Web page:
Cons: No real cons, unless you’re short on cash.
Verdict: You don’t need fancy food at your WordCamp. If your venue doesn’t have anywhere easy to walk to for food, you should provide it at the event, and this is an easy and relatively inexpensive method.

Go Out – Local Vendor Card
Some cities (especially college towns) have programs that allow local restaurants/businesses to accept a special purchase card in lieu of cash or regular credit card. If your venue is in walking distance of such vendors, then providing a pre-paid card to attendees and encouraging them to go to lunch with some people they’ve met that morning is a great way to get people moving and talking, since they won’t just go back to their seats and put their heads back in their laptops. (Hat tip: WC Boulder)
Pro: Greatest variety, gets attendees out of the venue and gets their blood moving, promotes socialization, supports mulitple local businesses, flexible (you can decide how much $ to put on the cards depending on what’s left in your budget), you don’t need to have one room big enough for everyone that allows food.
Con: Not available in many cities.
Verdict: Great idea if the participating restaurants are in walking distance.

Go Out – Coupon
If your city doesn’t have a local vendor card program but you like the idea, you could put together an approximation by choosing a couple of restaurants within walking distance and working out a coupon system with them. Depending on your budget, you could do an entire lunch coupon, or just something for a few dollars off, a free drink, etc.
Pro: Variety, gets attendees out of the venue and gets their blood moving, promotes socialization, supports multiple local businesses, flexible (you can decide how much $ to put on the coupons depending on what’s left in your budget), you don’t need to have one room big enough for everyone that allows food.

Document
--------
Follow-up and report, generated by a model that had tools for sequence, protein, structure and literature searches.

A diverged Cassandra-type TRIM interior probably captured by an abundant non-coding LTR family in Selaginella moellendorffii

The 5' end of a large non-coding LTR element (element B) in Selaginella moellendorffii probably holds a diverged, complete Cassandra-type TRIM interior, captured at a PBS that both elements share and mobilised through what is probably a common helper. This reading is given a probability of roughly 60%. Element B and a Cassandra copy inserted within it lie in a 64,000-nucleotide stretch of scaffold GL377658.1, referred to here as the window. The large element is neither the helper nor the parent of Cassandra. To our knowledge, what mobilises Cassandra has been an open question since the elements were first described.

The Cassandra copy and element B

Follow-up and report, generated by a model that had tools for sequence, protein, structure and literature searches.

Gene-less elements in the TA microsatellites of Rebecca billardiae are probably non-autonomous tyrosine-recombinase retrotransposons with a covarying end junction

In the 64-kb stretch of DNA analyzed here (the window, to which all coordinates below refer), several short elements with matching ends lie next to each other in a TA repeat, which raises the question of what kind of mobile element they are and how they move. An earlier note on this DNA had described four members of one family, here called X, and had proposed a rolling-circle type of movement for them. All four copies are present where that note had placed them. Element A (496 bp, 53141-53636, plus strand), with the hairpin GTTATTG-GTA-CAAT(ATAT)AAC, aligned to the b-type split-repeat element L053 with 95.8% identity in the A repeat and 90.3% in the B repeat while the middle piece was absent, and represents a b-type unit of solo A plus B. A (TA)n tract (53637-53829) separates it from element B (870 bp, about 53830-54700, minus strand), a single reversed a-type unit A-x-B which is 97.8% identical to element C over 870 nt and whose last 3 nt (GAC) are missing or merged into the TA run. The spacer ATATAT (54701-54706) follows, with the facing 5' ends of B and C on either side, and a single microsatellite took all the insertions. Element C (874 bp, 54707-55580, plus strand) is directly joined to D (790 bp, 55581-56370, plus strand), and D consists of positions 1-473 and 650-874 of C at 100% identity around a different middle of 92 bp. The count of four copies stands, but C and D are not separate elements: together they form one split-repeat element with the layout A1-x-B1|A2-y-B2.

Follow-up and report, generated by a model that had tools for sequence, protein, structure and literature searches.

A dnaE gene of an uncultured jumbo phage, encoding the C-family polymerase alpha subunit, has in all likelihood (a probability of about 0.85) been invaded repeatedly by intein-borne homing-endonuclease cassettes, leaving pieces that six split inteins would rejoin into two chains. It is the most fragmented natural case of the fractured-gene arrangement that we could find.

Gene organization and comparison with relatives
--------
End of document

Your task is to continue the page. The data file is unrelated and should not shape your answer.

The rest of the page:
Con: Requires legwork on the part of organizers to make the deals.
Verdict: Great idea if the participating restaurants are in walking distance.

Go Out – On Your Own
Sometimes it makes sense to just let attendees take care of their own lunch so you can focus on planning the content. If there are places to go within walking distance, this is fine, and has the same benefits as the Go Out options listed above. The only thing you’ll want to make sure of in this case is that you lower your ticket price, since the average ticket price of $20/day is based on included some kind of lunch provision.
Pro: Variety, gets attendees out of the venue and gets their blood moving, promotes socialization, you don’t need to have one room big enough for everyone that allows food, you don’t need to spend any money.
Con: None, really, as long as you adjust your ticket price accordingly.
Verdict: Good idea if there are restaurants are in walking distance and you’re short on cash.

Venue Catering
Some venues will only let you have food on-site if it comes from their catering service.
Pro: Easy, since they take care of everything and you don’t have to do any legwork.
Con: Usually way overpriced, as it’s how they make their profits.
Verdict: Not recommended unless you have no other choice. The time you save in not having to line up your own coffee will be spent begging people for money instead.

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Around 3:30 or 4pm, people start getting tired. Information overload, sitting all day (if you send people out for lunch, this happens less), and the parasympathetic nervous system (which kicks into gear while you digest your lunch, and makes you sleepy at the same time) combine in a perfect storm leading to afternoon inattention. Try to have some afternoon snacks around for people who need a little blood sugar boost. A lot of WordCamps go for cookies, which are easy but can make the sugar crash worse instead of better. Something with a little protein, like energy bars or cheese and crackers might be a better choice. Many companies that make products like this are willing to donate a few cases to non-profit events. You could also have your local community bring snacks.

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Donating Extra Food

Before your event, contact homeless shelters in your area and see if any of them will accept donations of leftover food/beverage from events like yours. If so, assign a volunteer to pack up the leftover food at the end of the day and take it over.

Past WordCamp Organizers: What kind food did you have that worked well, or that was a total pain in the neck? Let us know in the comments.